- Overwhelmed by new sanitation rules stemming from
mad cow scare, Spanish authorities have provoked an uproar by dumping dead
cows in an abandoned mine near a village.
- The regional government in Galicia, where Spain's two
confirmed cases of mad cow surfaced in November, said yesterday that the
remains of some 100 cows which died in accidents or of natural causes have
been placed in a disused quartz strip mine just outside Lanza in La Coruna
province and covered with quicklime.
- The dispute comes as officials in another agricultural
region, Castile-Leon, reported two suspected cases of the illness
Officials in Galicia said the mine burial technique conforms with EU health
regulations. They did not say how many dead animals would eventually end
up in the mine.
- Residents in Lanza are worried that the carcasses will
poison streams or ground water.
- Lanza, with a population of about 500, falls under the
jurisdiction of Mesia, whose mayor, Jose Fraga, appealed to the Galician
government to halt the operation.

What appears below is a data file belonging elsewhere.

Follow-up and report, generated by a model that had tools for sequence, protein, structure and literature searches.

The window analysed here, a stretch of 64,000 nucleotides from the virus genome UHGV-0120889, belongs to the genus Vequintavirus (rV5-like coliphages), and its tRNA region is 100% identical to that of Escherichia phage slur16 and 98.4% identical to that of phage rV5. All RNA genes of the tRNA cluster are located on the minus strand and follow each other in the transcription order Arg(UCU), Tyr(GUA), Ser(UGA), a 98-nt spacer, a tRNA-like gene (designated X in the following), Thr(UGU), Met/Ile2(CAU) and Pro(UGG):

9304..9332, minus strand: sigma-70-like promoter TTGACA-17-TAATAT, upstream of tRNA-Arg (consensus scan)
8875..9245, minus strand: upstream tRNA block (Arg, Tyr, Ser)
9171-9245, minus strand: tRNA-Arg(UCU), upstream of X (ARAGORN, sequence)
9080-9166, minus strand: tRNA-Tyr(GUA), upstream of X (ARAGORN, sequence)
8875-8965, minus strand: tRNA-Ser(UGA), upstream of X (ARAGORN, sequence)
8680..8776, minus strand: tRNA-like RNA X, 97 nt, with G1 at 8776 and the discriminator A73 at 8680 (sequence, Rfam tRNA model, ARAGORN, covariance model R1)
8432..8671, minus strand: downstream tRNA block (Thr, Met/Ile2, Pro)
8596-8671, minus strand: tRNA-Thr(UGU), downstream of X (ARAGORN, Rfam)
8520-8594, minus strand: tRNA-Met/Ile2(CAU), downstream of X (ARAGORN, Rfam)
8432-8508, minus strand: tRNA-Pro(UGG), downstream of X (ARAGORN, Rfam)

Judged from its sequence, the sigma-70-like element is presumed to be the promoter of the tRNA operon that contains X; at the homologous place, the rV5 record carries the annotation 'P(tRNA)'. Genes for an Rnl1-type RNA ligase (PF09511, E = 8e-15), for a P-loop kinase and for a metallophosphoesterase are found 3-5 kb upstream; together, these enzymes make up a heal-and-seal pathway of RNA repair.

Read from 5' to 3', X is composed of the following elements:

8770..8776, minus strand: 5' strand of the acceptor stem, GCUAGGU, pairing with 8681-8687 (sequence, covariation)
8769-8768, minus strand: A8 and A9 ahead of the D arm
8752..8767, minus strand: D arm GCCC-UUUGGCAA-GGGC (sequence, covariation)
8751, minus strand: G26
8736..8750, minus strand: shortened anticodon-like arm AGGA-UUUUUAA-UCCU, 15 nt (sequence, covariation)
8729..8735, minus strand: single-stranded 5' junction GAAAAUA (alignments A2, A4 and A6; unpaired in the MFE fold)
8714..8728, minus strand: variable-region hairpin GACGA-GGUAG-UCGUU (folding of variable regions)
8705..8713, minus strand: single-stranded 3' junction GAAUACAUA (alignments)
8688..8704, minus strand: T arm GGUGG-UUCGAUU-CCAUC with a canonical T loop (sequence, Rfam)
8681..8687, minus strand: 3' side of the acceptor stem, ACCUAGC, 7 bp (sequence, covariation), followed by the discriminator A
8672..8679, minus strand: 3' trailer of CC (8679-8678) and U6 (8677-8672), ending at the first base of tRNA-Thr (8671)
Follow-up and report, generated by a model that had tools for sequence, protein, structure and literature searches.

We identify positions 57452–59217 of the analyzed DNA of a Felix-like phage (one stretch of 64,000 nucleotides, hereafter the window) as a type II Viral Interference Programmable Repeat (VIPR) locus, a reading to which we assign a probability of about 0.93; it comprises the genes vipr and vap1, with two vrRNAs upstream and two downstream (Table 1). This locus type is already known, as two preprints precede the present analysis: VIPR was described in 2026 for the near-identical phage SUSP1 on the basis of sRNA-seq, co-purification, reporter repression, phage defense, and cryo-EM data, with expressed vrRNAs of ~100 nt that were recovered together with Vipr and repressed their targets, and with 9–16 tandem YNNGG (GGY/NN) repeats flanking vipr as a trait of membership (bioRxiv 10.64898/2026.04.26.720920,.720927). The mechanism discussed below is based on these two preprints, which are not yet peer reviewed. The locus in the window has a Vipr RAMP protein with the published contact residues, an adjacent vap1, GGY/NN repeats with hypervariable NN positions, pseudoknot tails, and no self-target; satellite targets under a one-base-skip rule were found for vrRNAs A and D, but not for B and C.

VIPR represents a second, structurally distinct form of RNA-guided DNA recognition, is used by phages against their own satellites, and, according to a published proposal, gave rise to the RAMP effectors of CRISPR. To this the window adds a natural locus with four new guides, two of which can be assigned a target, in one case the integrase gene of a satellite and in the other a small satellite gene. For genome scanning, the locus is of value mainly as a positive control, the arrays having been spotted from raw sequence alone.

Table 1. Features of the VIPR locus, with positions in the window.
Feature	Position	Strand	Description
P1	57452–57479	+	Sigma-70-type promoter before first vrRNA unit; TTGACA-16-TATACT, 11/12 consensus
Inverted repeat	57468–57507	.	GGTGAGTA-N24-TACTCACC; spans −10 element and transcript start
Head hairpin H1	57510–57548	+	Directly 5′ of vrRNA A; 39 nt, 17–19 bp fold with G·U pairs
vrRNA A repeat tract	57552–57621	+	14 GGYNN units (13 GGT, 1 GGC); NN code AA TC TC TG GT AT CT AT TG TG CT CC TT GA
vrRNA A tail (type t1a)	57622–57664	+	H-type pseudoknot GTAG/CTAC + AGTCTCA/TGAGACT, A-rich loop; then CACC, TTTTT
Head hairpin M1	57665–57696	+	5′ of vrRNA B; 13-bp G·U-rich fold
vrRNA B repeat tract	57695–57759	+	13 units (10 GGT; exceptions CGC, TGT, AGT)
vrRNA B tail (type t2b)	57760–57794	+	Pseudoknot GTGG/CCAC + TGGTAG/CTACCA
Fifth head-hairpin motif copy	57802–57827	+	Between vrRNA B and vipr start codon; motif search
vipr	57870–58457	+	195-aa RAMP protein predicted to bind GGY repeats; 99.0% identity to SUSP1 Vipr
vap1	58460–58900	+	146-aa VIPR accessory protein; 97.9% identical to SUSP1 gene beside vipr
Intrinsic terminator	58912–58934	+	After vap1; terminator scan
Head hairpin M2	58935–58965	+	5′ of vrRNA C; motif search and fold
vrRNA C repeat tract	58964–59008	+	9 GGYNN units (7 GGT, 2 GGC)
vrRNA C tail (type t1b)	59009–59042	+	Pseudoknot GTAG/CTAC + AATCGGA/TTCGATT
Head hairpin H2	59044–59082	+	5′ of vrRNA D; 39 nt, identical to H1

- The mine is 300 metres from one of the houses in Lanza
and half a mile from a primary school, Galician agriculture department
spokesman, Manuel Cruz, said.
- The Spanish government said carcasses must be turned
over to local agricultural authorities and incinerated. The problem is
that Galicia has about a million cattle and only one incinerator, Mr Cruz
said. "It simply can't cope," he said.
- France launched an ambitious programme yesterday to test
all 20,000 or so cows over 30 months old slaughtered each week for mad
cow disease, six months ahead of an EU deadline. In November, the EU
that all cows over 30 months old must be tested before entering the food
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